Protesters gather in Phnom Penh, angry at the disputed election results
On the first Saturday of 2014, some monks sat eating lunch in Freedom Park, Phnom Penh, cross-legged in their orange robes. A few devotees hovered around handing out water bottles. Throughout the rest of the park, under the shade of large gazebos, hundreds of protesters from all over the country relaxed. Up on stage, famous singers entertained the crowd. But the festival vibe didn't last for long.
Pretty soon, a thousand or so military police were swarming Freedom Park—rumors that circulated afterwards claimed they were aided by gangs of hired thugs. They kicked and lashed out with batons, smashing everything: the stage, the speakers, and the gazebos. “The police beat the monks even as they were having lunch,” said Sokunthea, a Khmer journalist. “All the people cried and ran away.”
The move came on January 4, the day after five people were killed by military police when a garment factory protest for higher wages turned ugly. During this time, 23 people were arrested. So far they have been denied bail and access to lawyers.
Freedom Park is Phnom Penh’s designated protest space. It’s a long and mostly concreted area with two skyscrapers at one end and the Tonal Sap River at the other. The Cambodian National Rescue Party (CNRP) have been demonstrating here since September. They want a new election after slamming last summer’s poll for “massive irregularities.”
The CNRP saw their ranks swell in December, as the government's promised pay hike for garment factory workers fell short of the demanded $160 per month. This led to thousands of garment workers joining “tsunami marches” through Phnom Penh, the largest of which saw an estimated 131,500 people parade through the city demanding that Prime Minister Hun Sen step down.
“The constitution says each citizen has the right to vote but these rights were ripped off,” said CNRP lawmaker Mu Suchua. The allegation that the ruling Cambodian People’s Party (CPP) cheated may not surprise too many given they've a history of doing stuff like lobbing grenades at their opponents. What is significant is that they still nearly lost, winning 68 seats to the CNRP's 55.
Men who are alleged to be hired thugs look on at the protest outside Sam Rainsy's court appearance
No sooner had the CPP locked the park down than a court summons was issued for CNRP leader Sam Rainsy, so he went to ground. Many thought he was hiding in the American Embassy, including the military police who shut down all roads leading there. I called the embassy for comment but had the phone slammed down. I guess they were getting a lot of calls from journalists that day.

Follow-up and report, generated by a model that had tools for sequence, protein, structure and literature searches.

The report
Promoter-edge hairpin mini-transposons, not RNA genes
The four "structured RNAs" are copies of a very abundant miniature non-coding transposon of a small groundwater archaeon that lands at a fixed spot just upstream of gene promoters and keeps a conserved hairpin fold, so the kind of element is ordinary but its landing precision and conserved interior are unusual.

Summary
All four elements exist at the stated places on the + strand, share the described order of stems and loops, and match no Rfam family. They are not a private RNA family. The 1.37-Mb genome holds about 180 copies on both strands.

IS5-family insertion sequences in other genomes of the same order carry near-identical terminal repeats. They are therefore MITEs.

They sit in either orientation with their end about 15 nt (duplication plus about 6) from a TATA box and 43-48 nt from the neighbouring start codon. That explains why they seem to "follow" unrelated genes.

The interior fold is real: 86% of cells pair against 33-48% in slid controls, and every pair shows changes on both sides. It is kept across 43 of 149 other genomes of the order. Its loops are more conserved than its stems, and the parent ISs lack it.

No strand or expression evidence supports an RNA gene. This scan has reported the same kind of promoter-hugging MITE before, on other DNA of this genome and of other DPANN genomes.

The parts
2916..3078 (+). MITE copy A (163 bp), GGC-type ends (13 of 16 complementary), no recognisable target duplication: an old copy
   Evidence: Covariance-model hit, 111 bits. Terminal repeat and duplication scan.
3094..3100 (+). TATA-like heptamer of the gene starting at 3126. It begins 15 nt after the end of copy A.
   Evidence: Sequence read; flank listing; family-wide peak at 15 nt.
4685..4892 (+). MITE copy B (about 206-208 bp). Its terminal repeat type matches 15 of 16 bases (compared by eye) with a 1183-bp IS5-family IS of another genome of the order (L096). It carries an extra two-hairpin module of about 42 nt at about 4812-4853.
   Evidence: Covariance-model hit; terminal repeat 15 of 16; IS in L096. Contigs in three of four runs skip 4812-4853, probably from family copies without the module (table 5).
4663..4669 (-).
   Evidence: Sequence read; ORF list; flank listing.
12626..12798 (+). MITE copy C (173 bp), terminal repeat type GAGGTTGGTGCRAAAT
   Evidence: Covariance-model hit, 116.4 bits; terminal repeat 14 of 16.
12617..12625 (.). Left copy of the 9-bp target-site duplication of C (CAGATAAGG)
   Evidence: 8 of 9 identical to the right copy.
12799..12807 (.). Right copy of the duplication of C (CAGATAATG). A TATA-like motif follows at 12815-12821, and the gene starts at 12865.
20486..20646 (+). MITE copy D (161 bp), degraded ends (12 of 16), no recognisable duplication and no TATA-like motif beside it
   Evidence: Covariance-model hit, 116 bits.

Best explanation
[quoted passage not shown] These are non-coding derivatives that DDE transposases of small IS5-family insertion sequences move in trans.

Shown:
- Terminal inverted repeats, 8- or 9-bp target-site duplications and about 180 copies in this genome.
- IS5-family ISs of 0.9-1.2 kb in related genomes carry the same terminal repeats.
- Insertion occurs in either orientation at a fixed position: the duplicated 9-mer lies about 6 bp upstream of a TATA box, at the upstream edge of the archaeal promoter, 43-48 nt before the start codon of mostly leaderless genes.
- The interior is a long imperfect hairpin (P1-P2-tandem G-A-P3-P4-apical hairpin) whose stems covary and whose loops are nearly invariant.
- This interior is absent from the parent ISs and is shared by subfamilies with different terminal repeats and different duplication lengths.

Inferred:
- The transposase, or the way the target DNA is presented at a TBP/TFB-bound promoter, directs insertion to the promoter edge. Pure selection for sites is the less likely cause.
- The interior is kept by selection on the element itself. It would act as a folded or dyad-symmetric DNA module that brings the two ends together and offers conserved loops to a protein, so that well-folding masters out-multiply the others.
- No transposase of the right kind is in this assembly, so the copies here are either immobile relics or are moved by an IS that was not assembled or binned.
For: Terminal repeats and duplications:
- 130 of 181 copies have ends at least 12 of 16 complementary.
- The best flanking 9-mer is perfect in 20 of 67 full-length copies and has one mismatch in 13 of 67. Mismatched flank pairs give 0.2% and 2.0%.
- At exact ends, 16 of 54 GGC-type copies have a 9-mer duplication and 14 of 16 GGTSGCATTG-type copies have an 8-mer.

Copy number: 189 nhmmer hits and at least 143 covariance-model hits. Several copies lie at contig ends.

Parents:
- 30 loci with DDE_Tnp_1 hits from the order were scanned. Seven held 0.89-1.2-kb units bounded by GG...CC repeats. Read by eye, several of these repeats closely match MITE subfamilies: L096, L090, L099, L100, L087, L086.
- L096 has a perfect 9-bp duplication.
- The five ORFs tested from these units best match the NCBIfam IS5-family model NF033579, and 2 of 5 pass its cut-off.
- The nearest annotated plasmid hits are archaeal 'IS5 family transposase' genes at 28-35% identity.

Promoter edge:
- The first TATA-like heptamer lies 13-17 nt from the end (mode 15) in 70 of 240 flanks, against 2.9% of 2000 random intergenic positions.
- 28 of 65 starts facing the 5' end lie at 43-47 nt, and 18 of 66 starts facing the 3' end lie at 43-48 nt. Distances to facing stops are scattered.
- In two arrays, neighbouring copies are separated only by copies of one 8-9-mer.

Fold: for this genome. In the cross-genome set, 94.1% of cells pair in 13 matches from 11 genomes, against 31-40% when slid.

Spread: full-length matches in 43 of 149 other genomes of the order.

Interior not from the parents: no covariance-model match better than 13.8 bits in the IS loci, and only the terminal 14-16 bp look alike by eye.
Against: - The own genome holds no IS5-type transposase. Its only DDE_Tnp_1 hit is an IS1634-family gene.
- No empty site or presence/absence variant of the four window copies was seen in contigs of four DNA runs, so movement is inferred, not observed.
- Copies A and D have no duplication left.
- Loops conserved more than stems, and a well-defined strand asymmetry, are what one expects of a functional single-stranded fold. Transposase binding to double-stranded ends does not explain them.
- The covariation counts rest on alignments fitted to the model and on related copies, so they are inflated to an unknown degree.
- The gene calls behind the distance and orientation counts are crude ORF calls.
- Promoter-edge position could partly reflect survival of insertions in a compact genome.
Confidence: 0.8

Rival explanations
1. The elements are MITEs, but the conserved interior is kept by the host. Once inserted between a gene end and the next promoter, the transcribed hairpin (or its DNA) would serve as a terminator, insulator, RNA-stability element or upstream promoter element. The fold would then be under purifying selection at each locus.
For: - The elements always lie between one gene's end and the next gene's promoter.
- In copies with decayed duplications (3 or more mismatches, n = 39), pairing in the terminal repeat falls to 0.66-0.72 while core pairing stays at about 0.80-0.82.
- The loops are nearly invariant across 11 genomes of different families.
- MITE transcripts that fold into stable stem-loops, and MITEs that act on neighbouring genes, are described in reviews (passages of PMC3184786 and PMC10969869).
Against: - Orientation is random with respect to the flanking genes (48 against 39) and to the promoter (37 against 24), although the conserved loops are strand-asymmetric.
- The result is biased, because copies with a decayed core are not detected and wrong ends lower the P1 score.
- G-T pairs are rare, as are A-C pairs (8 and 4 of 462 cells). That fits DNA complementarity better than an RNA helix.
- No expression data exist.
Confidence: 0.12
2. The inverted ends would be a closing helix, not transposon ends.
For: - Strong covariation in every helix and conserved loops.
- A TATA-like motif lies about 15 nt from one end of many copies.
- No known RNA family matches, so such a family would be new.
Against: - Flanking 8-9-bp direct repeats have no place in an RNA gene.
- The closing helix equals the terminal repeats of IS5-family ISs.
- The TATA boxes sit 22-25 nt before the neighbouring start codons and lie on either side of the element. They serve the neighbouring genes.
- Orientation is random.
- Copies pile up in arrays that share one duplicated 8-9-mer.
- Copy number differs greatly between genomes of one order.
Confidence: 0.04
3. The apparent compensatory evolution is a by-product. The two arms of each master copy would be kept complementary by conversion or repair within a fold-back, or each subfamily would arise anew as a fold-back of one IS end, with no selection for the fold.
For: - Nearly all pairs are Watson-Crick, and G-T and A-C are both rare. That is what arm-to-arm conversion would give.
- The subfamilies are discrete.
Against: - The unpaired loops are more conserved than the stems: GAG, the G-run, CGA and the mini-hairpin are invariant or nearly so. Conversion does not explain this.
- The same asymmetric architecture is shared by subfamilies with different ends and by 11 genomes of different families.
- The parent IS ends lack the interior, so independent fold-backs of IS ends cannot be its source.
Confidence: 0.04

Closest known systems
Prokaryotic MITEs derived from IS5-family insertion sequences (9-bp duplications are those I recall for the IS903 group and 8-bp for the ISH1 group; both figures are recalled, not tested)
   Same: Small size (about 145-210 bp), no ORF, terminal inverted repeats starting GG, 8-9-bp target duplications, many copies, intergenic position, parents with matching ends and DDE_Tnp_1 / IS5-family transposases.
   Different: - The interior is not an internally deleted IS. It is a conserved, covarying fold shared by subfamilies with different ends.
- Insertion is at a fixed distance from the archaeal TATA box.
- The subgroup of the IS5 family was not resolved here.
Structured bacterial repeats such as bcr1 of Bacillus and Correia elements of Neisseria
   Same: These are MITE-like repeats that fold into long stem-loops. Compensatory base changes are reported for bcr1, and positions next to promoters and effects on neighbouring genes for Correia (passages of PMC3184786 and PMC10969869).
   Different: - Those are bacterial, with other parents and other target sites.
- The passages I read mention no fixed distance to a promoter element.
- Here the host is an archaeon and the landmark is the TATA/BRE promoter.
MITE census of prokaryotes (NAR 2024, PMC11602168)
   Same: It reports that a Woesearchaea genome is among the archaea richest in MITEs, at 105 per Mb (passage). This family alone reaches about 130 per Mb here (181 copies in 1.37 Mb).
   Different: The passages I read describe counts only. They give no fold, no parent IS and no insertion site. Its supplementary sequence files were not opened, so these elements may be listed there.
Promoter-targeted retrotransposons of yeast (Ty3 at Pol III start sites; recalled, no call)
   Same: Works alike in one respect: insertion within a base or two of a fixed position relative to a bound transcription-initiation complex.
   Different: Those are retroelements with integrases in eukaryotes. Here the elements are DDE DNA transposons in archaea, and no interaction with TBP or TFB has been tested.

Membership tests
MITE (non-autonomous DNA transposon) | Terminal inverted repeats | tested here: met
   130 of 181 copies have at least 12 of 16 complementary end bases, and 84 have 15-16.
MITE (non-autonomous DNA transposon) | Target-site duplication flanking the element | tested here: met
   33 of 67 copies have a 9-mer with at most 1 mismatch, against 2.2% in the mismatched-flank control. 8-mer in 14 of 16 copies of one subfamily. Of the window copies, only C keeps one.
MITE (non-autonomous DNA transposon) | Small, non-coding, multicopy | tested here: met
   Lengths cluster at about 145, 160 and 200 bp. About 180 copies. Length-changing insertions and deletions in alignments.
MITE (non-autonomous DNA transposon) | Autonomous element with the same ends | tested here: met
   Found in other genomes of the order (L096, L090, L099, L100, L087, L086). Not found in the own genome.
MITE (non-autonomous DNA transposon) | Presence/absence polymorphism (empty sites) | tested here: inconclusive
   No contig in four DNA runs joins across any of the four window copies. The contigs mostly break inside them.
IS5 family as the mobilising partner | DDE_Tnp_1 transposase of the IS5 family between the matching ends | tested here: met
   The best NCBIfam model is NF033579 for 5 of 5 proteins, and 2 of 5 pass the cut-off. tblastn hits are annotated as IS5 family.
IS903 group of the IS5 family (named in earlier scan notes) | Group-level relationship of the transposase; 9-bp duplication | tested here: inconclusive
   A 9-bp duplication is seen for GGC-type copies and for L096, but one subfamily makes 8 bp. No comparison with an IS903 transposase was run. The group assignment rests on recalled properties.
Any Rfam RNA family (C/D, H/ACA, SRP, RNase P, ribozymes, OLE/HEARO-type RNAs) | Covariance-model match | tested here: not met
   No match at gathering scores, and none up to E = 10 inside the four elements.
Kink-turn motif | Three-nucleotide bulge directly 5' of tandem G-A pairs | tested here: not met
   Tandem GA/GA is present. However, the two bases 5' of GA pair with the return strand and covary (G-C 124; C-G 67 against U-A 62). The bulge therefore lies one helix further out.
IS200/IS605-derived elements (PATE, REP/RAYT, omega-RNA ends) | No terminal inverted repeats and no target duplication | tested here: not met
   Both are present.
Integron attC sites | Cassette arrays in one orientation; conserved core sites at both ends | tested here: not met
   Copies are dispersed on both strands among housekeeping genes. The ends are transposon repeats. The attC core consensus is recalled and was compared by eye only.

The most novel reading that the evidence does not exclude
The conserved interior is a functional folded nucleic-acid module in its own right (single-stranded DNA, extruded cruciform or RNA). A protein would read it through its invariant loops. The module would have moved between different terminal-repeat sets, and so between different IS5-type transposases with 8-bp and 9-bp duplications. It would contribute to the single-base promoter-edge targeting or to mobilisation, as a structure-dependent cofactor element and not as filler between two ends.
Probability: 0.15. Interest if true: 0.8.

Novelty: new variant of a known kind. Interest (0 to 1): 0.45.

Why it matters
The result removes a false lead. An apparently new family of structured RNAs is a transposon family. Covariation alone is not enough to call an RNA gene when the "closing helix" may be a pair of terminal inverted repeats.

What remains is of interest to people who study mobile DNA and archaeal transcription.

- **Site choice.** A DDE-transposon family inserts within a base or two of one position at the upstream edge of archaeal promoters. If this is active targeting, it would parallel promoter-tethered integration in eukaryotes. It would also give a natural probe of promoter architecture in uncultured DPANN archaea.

It is the biggest crisis Hun Sen has faced in 29 years at the top. For a time the Cambodian people were happy to put up with his authoritarian regime in exchange for the stability he brought to their war torn country but that is coming to an end. “I curse Hun Sen, he only cares about rich people. He does nothing to help the poor,” Phnom Penh resident Tom Sup Many told me.
A rally at Freedom Park
While many support the CNRP’s position some doubt their ability to govern Cambodia. Rainsy has promised a pension for old people, a doubling of wages for garment factory workers and the return of stolen land to the original owners. He has so far provided no plans on how he plans to achieve this. “Sam Rainsy’s political tactic has been to promise a puppy for every child,” said Cambodia-based journalist Faine Greenwood.
Then there are those who support the CNRP but are afraid to say so. Official police are often helped by gangs of hired thugs in matching motorbike helmets, faceless goons with a penchant for tasering journalists. A source working for the CNRP told me that they are criminals rounded up by authorities, given weapons and let loose.
It’s easy to have sympathy for the CNRP given that they probably would have won the election if it had been fair, but this isn't a simple goodies versus baddies tale. They have long been stoking anti-Vietnamese sentiment to gain support from the Cambodian people. Hun Sen was put in power by the Vietnamese in 1985 and the opposition claim that he is a stooge for their old enemy. The crude xenophobia boiled over on January 10 when a mob set about three Vietnamese-owned shops. The shops were ransacked and their owners beaten up. “The CNRP use this kind of rhetoric to hit a sensitive feeling in the Cambodian people who still feel the loss of our land to the Vietnamese,” said Phay Siphon, a CPP spokesman.
Sam Rainsy addressing the crowds after his court appearance
Rainsy appeared in court on January 14 to answer questions of “inciting social unrest.” Thousands defied the ban on public assembly to come and show their support. The security thugs were out again ready to break heads but remained peaceful this time. No charges were brought against Rainsy that day and later that afternoon he gave a speech vowing to continue his non-violent campaign for a new election.
The 23 people arrested during violent protests earlier this month have not yet been charged or allowed bail. One of them is Vorn Pao, President of an informal workers union. Last Sunday, a group of people led by Sokchhun Oeung—his deputy—assembled to call for their release. Two trucks of military police screeched to a halt by the gang and arrested Sokchhun Oeung for protesting against the arrest of his union president. Oeung was released this morning.
People here are pissed off. The Phnom Penh rumor mill keeps on turning. Some reports say that both parties are close to brokering a deal to end the impasse. Others say that Rainsy is planning a “final campaign” in March. The garment factory workers went back on strike on Friday, Hun Sen has vowed to stay in power another ten years and the CNRP have vowed to fight on. Whatever happens, Cambodia's well of anger shows no sign of running dry.